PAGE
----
Art, therefore, belongs to the same category as language. It is intellectual. The appreciation of a work of art involves a mental shift as radical as the change from hearing noises to hearing speech.7 The work of art effects the same sort of reorientation. Just as sounds become words by reason of their “meaning,” so colors on a canvas become a painting because of their artistic significance or “import.” This import permeates the whole structure of the work and separates it from the host of surrounding “insignificant” objects.8
Consequently, the “otherness” of the artistic is due not only to its aesthetic character whereby experience, liberated from other more practically oriented patterns of consciousness, lives its own life; but also to the fact that it has been “created” by human intelligence and invites human intellectual apprehension. Langer is quite clear in asserting that art involves not only the level of perception and experience, but also the level of insight, understanding, contemplation.
The aim of art is insight, understanding the essential life of feeling.9
The artistic symbol, qua artistic, negotiates insight, not refference.10
Analyses of art very frequently fail to take into account this intellectual character. On the contrary, they consider art chiefly in terms of immediate experience and/or, most frequently, immediate emotion. The insufficiency of this tendency is in fact the major emphasis in the chapters on art in Philosophy in a New Key and in Feeling and Form. Art is the intellectual creation for our contemplation of an affect-laden image that liberates us from the demands of practical life and immediate emotion.
2. “Mind” in Mind: An Essay on Human Feeling
It would seem that Langer’s work on art confronted her with the following dilemma: how are we to reconcile intelligence, operative in artistic creativity, with “feeling,” somehow involved in artistic expression? That these two realms could be reconciled represented her faith in “the unity of science, one and the same scientific framework underlying all areas of empirical research.11 A cardinal assumption of Mind: An Essay on Human Feeling was that ultimately that one framework would form a logical continuity with the science of physics; for “any science,” she notes, “is likely to merge ultimately with physics as chemistry has done.12 This is a major assumption behind Langer’s work: that there is a logical and conceptual continuity between all the sciences.
According to Langer the function of philosophy is to clarify language in an effort to unify the languages of the different sciences.13 As physics deals with matter, res extensa, so also do the other sciences, although at a higher degree of complexity.14 In biology Langer’s major adversary is vitalism:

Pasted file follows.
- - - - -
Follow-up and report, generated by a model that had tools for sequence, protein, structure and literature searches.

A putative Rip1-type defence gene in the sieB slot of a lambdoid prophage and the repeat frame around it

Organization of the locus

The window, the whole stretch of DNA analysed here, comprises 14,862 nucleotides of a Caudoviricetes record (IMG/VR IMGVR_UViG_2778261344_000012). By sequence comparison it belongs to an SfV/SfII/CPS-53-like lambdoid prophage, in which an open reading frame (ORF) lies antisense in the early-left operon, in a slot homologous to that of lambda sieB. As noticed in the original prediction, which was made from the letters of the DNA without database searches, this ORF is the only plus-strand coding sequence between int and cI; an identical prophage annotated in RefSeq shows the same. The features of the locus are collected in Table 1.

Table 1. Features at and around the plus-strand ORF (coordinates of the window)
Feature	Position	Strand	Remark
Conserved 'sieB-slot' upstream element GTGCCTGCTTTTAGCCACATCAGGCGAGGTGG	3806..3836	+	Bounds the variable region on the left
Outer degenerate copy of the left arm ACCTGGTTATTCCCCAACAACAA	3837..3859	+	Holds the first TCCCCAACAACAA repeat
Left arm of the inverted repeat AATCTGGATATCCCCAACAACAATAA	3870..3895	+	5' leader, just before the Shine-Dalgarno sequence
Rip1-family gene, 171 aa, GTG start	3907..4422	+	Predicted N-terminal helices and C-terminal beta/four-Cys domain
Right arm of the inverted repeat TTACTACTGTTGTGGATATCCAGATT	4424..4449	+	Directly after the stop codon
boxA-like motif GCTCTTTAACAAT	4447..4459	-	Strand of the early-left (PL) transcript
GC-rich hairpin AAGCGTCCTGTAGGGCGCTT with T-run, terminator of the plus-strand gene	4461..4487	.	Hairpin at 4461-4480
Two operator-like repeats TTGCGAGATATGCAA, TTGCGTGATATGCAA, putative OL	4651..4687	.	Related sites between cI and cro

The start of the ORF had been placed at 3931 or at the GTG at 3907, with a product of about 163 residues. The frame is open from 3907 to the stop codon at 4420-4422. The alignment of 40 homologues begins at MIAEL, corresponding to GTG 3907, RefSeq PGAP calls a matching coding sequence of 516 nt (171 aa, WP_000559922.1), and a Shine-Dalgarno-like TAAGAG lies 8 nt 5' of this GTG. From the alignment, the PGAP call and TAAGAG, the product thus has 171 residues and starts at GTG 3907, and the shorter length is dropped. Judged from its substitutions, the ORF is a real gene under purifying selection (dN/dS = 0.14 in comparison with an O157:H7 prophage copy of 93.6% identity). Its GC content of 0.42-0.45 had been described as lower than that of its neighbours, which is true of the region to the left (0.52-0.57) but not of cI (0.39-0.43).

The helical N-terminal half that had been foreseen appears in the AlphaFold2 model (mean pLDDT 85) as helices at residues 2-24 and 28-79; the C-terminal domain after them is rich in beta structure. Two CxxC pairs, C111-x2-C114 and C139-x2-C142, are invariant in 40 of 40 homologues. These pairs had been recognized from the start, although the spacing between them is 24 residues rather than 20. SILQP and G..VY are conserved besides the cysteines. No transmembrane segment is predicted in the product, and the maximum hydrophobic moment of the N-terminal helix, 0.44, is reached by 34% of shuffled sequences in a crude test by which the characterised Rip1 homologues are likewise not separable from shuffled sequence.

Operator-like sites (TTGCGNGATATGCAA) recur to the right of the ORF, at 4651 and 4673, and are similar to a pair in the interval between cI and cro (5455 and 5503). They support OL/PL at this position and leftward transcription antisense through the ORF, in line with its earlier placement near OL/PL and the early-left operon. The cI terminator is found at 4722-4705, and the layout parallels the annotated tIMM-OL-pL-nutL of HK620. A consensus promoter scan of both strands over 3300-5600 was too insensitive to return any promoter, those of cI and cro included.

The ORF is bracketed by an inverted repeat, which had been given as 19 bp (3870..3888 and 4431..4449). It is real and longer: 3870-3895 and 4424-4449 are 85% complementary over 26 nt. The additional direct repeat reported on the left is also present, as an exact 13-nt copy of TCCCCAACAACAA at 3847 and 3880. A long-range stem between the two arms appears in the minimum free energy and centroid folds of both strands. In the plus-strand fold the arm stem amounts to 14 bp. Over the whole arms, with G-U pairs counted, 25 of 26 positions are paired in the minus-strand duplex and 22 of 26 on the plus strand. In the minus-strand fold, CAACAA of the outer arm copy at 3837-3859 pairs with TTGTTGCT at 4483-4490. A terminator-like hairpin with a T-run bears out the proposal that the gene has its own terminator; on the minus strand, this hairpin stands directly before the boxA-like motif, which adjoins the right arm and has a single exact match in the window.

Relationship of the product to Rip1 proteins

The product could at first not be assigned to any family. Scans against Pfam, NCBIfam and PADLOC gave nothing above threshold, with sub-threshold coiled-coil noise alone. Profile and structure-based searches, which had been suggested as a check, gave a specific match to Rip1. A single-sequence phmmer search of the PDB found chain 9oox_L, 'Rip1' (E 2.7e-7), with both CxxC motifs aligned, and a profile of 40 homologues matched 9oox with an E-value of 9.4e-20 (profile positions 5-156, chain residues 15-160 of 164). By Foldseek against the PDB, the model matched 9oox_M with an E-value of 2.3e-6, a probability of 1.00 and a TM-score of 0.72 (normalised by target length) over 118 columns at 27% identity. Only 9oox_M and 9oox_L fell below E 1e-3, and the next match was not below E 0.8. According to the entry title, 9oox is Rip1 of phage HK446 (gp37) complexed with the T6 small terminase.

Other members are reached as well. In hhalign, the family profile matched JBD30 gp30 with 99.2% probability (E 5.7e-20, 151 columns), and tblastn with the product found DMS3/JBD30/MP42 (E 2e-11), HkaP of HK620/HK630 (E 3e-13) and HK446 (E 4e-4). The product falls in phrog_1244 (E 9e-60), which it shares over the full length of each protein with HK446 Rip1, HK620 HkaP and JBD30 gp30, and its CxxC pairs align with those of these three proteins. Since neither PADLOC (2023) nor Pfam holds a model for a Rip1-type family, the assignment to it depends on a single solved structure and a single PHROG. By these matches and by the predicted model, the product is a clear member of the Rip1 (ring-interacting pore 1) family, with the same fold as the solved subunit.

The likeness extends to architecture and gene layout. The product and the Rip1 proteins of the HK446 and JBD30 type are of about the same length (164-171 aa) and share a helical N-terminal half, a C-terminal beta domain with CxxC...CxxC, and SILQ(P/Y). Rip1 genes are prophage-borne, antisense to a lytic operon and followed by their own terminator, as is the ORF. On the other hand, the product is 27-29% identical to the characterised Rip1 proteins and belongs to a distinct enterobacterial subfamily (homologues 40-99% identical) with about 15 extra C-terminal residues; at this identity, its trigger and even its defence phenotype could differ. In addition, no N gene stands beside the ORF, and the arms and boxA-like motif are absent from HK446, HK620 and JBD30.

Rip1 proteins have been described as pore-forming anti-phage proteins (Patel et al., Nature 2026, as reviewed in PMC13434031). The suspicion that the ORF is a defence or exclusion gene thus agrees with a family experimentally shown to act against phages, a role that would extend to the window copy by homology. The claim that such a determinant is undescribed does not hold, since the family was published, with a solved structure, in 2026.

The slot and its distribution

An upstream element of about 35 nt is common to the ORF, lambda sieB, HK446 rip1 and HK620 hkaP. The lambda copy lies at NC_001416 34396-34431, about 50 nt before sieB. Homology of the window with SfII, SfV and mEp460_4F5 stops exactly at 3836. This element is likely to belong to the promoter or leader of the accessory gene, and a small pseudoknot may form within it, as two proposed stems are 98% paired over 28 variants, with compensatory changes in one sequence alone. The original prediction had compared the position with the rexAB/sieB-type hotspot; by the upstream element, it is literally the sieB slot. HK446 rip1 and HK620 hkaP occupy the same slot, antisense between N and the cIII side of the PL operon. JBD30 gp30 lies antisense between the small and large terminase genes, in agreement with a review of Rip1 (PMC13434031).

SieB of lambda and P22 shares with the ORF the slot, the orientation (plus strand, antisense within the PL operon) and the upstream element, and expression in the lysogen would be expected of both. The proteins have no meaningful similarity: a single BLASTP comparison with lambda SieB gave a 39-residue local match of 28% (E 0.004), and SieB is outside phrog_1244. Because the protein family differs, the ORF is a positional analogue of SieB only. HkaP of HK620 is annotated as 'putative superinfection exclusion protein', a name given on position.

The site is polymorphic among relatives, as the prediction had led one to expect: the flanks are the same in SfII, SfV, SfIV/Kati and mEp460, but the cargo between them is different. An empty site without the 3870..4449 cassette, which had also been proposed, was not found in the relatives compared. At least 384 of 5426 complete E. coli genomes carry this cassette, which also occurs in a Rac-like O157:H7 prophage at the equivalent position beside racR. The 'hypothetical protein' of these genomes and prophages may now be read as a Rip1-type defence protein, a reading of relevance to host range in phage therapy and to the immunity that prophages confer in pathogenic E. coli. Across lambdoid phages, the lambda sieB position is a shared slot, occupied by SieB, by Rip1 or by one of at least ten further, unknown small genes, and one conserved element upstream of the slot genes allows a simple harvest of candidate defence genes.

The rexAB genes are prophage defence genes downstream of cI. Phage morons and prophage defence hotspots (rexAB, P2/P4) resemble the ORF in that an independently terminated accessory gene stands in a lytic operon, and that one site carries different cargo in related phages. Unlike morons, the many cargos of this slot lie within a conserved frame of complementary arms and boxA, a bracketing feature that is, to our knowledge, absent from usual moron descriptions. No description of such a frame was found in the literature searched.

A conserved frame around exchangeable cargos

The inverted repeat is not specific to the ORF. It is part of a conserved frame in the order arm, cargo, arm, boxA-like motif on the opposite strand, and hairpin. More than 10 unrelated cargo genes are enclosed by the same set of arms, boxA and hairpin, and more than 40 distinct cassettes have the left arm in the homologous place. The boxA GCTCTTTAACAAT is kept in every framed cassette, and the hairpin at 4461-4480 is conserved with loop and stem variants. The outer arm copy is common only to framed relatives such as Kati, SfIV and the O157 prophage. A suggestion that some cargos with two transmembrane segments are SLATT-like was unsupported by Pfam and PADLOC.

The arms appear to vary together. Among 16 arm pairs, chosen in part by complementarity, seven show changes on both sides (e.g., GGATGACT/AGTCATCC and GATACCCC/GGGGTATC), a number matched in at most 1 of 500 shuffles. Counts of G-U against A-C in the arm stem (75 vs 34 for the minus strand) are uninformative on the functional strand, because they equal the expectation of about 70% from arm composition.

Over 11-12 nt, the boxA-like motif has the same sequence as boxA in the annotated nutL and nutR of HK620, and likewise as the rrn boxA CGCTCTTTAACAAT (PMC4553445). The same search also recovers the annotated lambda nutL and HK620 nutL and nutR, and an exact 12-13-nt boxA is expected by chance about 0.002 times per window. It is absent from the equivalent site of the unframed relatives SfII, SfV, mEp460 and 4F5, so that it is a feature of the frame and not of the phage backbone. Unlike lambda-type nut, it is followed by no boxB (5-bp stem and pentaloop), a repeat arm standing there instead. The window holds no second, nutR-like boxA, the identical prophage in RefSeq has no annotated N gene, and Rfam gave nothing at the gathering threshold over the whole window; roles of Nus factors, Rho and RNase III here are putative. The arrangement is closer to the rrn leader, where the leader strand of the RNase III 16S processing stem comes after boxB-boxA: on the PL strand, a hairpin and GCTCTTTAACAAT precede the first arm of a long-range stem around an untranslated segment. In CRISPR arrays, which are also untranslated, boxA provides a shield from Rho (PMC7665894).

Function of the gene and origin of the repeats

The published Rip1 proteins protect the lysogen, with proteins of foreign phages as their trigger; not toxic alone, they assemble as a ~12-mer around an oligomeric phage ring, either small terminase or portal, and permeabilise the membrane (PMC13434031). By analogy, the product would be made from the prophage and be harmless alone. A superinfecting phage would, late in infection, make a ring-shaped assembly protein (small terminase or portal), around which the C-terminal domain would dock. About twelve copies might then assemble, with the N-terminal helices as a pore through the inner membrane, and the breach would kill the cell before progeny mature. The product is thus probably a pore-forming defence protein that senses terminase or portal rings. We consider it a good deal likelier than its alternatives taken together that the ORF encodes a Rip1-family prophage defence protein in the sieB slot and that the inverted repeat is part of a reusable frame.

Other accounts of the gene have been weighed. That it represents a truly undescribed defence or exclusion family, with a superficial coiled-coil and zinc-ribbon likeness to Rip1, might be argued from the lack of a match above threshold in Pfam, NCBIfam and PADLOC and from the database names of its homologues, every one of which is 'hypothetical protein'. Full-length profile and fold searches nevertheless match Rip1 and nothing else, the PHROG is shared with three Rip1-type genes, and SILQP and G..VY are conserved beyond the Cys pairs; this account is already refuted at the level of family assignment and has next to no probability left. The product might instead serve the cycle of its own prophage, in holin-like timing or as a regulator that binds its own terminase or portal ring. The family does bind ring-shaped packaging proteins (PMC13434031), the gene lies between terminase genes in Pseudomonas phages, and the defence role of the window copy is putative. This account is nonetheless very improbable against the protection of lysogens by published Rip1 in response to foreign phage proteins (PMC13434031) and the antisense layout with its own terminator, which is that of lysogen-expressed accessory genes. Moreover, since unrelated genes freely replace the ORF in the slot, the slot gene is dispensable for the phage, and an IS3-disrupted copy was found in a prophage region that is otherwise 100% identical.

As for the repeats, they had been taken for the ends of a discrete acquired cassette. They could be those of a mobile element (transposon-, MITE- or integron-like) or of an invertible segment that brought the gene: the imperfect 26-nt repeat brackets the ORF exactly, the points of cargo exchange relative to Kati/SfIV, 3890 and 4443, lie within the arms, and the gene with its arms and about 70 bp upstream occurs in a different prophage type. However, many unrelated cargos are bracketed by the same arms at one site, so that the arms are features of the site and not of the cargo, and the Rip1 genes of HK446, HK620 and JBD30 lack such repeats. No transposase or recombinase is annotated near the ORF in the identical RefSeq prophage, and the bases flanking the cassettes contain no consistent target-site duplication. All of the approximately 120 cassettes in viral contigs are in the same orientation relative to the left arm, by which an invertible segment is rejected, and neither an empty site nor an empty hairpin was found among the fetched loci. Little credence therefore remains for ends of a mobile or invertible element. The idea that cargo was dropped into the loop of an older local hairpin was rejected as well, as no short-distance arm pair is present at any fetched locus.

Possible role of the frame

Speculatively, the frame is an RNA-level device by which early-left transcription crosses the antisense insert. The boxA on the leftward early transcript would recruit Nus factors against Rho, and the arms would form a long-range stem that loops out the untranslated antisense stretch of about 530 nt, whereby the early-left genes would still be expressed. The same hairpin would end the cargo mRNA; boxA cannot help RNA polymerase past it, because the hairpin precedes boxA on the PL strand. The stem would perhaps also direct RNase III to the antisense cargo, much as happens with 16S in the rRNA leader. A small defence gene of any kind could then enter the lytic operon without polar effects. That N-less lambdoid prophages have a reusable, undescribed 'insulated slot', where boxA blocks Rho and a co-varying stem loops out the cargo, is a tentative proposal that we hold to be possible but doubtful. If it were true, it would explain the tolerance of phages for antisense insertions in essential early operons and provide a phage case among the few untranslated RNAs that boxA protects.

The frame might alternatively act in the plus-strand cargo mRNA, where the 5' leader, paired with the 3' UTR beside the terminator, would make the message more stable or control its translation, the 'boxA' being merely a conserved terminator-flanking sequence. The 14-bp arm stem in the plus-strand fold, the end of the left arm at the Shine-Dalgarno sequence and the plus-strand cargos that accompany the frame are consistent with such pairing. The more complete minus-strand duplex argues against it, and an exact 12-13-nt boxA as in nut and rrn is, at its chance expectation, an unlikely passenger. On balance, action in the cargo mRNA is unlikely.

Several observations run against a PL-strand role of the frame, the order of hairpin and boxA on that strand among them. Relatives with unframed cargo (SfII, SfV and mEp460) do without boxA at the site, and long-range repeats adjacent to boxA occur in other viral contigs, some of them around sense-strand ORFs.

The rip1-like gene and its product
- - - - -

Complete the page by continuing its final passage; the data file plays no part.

the conception of “life” as a special essence different from “matter,” something that pervades “living matter,” and sets it apart from “mere matter” which obeyed the laws of physics.15
In order to attain the logical coherence of biology with physics, Langer assumes from the latter realm the basic concept of “natural event”; on this foundation she is able to construct the basic biological notion of “act” as a particular sort of event. This concept has the advantage of not implying the prior notion of “agent,” and thus allows one to trace the origins of life in the inorganic world; for “action,” the formal aspect of “act,” is common to both living and nonliving beings.
If Langer’s basic argument for the reduction of biology to physics is the a priori conviction that this must form one conceptual framework around the one object, “matter,” she feels called upon to proffer particular evidence for the biological status of “feeling.” She finds this evidence in art. Invoking her own artistic studies, she comes to the conclusion regarding feeling:
the fact that expressive form is always organic or “living” form made the biological foundation of feeling probable.16
For the work of art is the objective realization of a mental image; and images reflect the biological sources from which they spring. Psychologists, therefore, must go to artists to learn about feeling, because art is a final symbolic form making revelations of truths and facts about feeling, precisely the truths and facts that literal scientific statement distorts. Once the artist has created the work of art, the image of feelings, we may talk about them scientifically; “but only artistic perception can find them and judge them real in the first place.”17
In my doctoral dissertation on Langer’s philosophy of art and an extended review of the first volume of Mind: An Essay on Human Feeling I analyzed Langer’s deeply held assumptions concerning the nature of human knowing.18 Basically, in her view knowing is a bipolar activity in which the “concepts” of scientific or philosophical thinking are the subjective pole, “matter” is the objective pole, and some type of vision or “looking” is the mediating activity.
Thus we “see” forms of feeling in works of art; and in metaphorical activity we “see one thing in another,” life in the candle flame, death in sleep, etc. This, she asserts, is the basis of all “higher” differentiated activity. But she never analyzes “higher” differentiated activity to verify whether it is indeed a fact that human knowing consists essentially in “seeing.” Every example of mind Langer uses is of undifferentiated consciousness, that is, mythical, metaphorical and symbolic understanding. In these activities feeling and imagination obviously blend into the pronouncements of intelligence.